The island of Madeira was discovered by Tristão Vaz Teixeira, Bartolomeu Perestrelo and João Gonçalves Zarco, two Portuguese explorers, in 1419, which dubbed the island ‘Madeira’ (“wood” in English) due to the abundance of this raw material.
Noticing the potential of the islands, as well as its strategic importance, the colonization of the islands began in 1425.
At the beginning of its settlement, some agricultural crops, such as cane sugar, were introduced, which quickly afforded the Funchal metropolis frank economic prosperity. This meant that, in the second half of the fifteenth century, the city of Funchal became a mandatory port of call for European trade routes.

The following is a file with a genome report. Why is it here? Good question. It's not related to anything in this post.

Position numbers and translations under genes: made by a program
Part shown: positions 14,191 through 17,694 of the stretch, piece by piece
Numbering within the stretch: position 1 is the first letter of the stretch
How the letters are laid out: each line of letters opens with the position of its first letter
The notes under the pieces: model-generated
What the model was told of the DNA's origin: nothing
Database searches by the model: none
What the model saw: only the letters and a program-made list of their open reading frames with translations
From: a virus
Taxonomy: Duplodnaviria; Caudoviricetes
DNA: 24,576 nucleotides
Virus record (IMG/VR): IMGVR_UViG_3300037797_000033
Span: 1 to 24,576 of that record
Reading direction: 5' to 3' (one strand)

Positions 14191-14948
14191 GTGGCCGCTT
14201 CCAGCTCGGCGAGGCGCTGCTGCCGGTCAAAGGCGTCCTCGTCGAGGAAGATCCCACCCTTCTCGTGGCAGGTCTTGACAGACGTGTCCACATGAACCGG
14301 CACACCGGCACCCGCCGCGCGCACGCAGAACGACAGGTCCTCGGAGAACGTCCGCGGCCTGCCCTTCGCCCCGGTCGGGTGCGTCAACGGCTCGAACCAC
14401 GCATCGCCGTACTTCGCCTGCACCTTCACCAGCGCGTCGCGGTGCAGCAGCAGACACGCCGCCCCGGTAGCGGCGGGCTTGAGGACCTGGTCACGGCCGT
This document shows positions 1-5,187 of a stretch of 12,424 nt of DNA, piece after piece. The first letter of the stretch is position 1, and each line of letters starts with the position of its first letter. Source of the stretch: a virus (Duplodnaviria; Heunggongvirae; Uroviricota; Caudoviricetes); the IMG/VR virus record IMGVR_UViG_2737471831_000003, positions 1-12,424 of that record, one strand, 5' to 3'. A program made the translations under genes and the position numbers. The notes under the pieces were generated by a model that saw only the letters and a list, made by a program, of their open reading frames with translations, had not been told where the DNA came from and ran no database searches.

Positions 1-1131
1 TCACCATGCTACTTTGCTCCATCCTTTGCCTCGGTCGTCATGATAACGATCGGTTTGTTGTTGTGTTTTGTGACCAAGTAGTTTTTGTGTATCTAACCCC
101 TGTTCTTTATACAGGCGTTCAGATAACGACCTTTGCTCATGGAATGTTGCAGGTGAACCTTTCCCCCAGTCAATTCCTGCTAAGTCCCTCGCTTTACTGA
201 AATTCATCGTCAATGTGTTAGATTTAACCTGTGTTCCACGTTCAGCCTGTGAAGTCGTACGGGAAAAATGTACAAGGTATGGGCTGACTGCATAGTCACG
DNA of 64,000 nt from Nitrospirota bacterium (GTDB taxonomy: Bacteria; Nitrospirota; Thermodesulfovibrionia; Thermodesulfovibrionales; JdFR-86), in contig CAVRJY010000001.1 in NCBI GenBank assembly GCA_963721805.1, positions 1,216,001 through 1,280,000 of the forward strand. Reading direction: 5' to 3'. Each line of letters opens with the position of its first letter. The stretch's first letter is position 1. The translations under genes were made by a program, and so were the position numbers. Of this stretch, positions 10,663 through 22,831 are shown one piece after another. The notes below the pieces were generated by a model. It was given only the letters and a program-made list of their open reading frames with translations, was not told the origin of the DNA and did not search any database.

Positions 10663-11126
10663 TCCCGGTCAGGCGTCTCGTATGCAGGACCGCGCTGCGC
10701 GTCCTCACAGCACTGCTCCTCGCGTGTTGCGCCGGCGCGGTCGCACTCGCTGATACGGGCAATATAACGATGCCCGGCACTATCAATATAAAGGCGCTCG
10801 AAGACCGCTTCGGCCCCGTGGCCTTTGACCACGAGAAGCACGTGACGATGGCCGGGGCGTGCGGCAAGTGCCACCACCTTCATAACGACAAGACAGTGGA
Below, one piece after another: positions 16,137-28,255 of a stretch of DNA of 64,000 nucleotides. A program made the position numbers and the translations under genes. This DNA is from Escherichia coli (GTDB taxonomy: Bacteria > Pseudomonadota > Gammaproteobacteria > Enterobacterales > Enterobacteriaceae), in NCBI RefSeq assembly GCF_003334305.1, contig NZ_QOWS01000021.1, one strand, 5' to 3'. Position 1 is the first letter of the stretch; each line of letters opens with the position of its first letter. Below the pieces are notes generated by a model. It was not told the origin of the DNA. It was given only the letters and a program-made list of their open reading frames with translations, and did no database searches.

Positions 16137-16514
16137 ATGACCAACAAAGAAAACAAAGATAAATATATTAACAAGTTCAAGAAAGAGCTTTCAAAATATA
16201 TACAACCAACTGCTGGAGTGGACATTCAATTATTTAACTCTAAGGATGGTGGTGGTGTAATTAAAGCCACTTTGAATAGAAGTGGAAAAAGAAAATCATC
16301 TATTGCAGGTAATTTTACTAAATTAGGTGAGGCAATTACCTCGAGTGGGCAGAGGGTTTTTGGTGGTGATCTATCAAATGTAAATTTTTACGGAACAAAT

The seventeenth and eighteenth centuries were marked by the emergence of a new culture that would boost the Madeira economy again: wine.
Throughout the nineteenth and twentieth centuries, Madeira flourished for the birth of the tourism sector, quickly becoming a mandatory reference for the European aristocracy that has set temporary residence here, attracted by the natural therapeutic qualities of the island.
In 1976, Madeira became an Autonomous Region of Portugal.
From the Official Madeira Tourism website.